Preservation & Redevelopment

Much of our work with communities leads to the identification of blighted or underutilized sites and existing structures that offer adaptive preservation and/or re-use opportunities. Preservation and redevelopment can be powerful tools to support and stimulate community growth. SWMHP works with communities and other businesses to secure resources to help preserve properties, or clear sites to develop residential, commercial or community facilities. If your community or organization is interested in more information on finding the right tools and resources to address preservation/rehab or redevelopment needs, please call 507-836-1602 or email Rick.

Preservation and Rehabilitation Resources

Preservation and Rehabilitation can bring new life to single family homes, multi-family properties, and business districts. The Partnership can bring construction expertise and financial resources to your neighborhood or property, whether the goal is to:

  • Remove health and safety hazards
  • Increase marketability
  • Meet accessibility requirements
  • Increase energy efficiency

Rehab programs can use a wide variety of financial tools. The Partnership regularly utilizes State programs, including the Small Cities Development Program and HOME Rental Rehab Loans, as well as foundation support, tax credits, and community leverage to renovate properties. We also offer various rehab programs for rental property owners and homeowners, click here for more info.

Redevelopment Projects

SWMHP has a wealth of experience working with communities on redevelopment efforts, including:

Central School (Southwest Mental Health Campus), Worthington, MN

Worthington’s Central School was a prominent building located on a whole block adjacent to the central business district. Surrounding uses are residential, the Historic Dayton House, churches and the Nobles County Library. SWMHP acquired the building for $1 and instituted a plan to adapt the building for mixed income residential uses. A local fund-raising goal was identified but failed to reach its goal and the project failed to receive funding through the Minnesota Housing Finance Agency. At the same time the Southwest Mental Health Center (SWMHC) was losing their main office and clinic due to an expansion of the Sanford Medical Center as well as having conditional issues with a modified single-family structure that was serving as an intensive residential treatment facility. SWMHP began working with SWMHC to redevelop the Central School site into a mental health campus in four phases:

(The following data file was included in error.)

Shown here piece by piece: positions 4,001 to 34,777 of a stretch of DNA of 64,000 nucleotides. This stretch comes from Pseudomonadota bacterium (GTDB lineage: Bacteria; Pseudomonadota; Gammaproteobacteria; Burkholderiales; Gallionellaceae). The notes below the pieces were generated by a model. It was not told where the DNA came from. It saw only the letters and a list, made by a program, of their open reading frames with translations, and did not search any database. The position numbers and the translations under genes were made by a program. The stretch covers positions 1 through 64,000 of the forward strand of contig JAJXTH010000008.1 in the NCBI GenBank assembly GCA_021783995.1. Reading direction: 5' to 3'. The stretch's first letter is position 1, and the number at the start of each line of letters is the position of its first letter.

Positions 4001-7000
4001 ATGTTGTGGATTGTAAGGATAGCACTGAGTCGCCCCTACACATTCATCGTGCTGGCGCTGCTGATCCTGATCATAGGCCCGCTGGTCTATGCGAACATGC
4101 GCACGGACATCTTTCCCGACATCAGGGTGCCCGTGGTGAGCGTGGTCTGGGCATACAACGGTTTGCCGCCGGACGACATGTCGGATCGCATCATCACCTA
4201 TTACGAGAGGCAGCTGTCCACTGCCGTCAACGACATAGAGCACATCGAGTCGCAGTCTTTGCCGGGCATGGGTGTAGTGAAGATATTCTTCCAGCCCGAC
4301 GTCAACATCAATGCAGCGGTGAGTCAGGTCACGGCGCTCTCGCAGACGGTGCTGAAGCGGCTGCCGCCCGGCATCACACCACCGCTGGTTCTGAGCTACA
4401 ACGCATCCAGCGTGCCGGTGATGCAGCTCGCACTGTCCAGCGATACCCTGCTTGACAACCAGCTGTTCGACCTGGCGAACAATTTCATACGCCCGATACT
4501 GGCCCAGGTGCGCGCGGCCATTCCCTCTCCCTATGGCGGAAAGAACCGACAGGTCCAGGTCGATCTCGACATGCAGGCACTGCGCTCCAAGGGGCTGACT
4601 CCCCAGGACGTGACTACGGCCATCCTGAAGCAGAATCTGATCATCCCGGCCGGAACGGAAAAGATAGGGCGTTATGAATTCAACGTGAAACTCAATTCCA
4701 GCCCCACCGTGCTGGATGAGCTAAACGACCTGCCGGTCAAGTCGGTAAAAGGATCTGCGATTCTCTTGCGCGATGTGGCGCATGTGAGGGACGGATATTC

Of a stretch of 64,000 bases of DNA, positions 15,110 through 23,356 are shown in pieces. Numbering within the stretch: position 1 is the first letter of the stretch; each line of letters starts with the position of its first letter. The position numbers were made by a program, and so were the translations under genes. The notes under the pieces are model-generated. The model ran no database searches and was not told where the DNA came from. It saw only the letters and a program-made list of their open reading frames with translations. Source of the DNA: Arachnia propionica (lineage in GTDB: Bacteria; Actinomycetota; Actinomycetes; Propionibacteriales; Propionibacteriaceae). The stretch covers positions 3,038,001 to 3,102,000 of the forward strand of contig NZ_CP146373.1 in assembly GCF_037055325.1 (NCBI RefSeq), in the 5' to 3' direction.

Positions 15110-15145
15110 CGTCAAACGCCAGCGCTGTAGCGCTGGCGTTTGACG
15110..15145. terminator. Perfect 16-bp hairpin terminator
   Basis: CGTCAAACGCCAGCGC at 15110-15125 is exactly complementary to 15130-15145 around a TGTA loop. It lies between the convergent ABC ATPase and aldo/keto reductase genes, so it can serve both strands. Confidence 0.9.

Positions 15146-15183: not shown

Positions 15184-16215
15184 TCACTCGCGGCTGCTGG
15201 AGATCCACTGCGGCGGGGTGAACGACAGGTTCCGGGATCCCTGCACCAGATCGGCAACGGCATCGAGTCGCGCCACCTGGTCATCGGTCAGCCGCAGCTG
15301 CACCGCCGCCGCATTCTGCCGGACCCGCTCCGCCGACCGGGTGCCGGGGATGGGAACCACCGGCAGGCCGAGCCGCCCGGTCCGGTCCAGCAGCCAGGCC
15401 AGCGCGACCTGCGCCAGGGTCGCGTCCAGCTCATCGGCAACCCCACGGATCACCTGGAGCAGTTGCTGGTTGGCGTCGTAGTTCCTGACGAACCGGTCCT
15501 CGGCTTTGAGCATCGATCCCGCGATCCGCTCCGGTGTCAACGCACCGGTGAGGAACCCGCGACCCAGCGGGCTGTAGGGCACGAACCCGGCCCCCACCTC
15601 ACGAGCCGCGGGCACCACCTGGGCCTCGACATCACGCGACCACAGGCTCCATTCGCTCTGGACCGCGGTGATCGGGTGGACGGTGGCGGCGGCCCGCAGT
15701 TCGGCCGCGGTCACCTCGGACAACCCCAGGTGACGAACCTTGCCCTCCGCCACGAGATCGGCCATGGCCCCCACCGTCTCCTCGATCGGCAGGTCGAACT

1. Demolition and clearance of the Central School. The City and School District provided financial assistance with environmental abatement and SWMHP financed the demolition and site clearance.
  2. Development of the Unity House (10 bed intensive residential treatment facility) and future shared parking for the SWMHC and the Historic Dayton House. The SWMHP sold the site to SWMHC, secured financing, provided development services, loan processing and construction management. Historic Worthington provided $20,000 towards the parking lot and SWMHC member counties provided additional funding.